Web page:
Tel: 312-436-1657 EXT 7
Identity and Self Esteem
Existential and Faith Concerns
General Anxiety and Depression
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Master of Arts in Clinical Psychology
I am a 5th-year doctoral student in Clinical Psychology at Wheaton College Graduate School, where I also earned my M.A. in Clinical Psychology and am in the process of earning my M.A. in Systematic Theology. Over the past several years, I have been privileged to train at a clinic offering both a partial-hospitalization program and outpatient therapy, at a college counseling center, and at a university counseling center. With these experiences I have become skilled in treating a wide range of clinical presentations.
Long ago, I recognized that helping to bear someone else’s difficulties is one of the most meaningful things one human can do for another. As a lover of stories, I have found that the most potent ones often lie buried beneath layers of pain, guilt, and shame, where they influence the way we think, feel, and relate to others. Paradoxically, healing often begins by telling the very stories that bring the pain. The telling of these stories, those unique shards of life that influence who we are, is no easy task. I have trained to facilitate a healing relationship within a safe space where this task is made a little easier.
Recreationally, I enjoy playing racquetball, ping pong, chess, and spending time with friends and family. Of course, my favorite thing to do is recline in a comfortable chair with a good book in hand, a hot cup of strong coffee, and a great view of the mountains.
I work well with adolescents, adults, and couples. As an African American myself, I understand that the intersection of culture, ethnicity, gender, faith, and sexuality- just to name a few identities- can play an immense role in understanding oneself and one’s place in the world.
I specialize in various forms of anxiety and depression, relational difficulties, grief, and personal growth. I also enjoy working with existential concerns, such as meaninglessness, isolation, and fear of death. Concerns pertaining to race, faith, gender, sexuality, etc. are also encouraged. I believe that presence, reflection, and empathy are the core skills that make therapy so powerful. Above all, I believe that an accepting and non-judgmental relationship are the most valuable intervention for any client.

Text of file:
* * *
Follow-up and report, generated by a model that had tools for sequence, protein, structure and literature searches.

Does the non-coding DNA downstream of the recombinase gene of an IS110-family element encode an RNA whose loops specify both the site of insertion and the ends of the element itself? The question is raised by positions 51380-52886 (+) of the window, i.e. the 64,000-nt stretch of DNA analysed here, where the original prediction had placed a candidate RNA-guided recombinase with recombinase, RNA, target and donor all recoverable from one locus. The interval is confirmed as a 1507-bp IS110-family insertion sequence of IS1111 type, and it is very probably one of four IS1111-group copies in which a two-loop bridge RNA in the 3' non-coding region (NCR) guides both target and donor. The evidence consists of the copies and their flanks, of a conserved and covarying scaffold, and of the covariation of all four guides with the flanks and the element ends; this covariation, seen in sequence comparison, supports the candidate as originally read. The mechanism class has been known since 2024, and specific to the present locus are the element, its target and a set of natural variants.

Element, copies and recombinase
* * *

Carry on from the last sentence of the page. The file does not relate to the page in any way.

What I’m like as a therapist:
Before pursuing my doctorate degree in Clinical Psychology, I would often be told how attentive, friendly, authentic, and easy to open up to I am. I now use these traits to cultivate a safe space for people to share their most sensitive and painful experiences. I believe that meaning-making is one of the most powerful tools in the human psyche and, when used positively, can foster purpose, fulfillment, agency, and hope. Alternatively, it can also foster identity crises, anxiety, loneliness, and depression. From a more technical standpoint, I provide therapy from an existential-humanistic and third-wave behavioral approach, most frequently integrating such modalities as Existential therapy and Acceptance and Commitment therapy.
In the room, this looks like helping clients understand themselves by exploring how their experiences have shaped them, by examining what they already believe about themselves and others, by helping them to organize their internal world, and by highlighting where they do and don’t have control. I place a premium on the idea that the client is an expert on their life. Yet being human is hard work, so I also emphasize that it takes courage to be vulnerable and that the human person has dignity in every aspect of life, especially suffering. My role is as confidante, witness, and companion, where I offer an extra pair of eyes to help make explicit what appears hidden.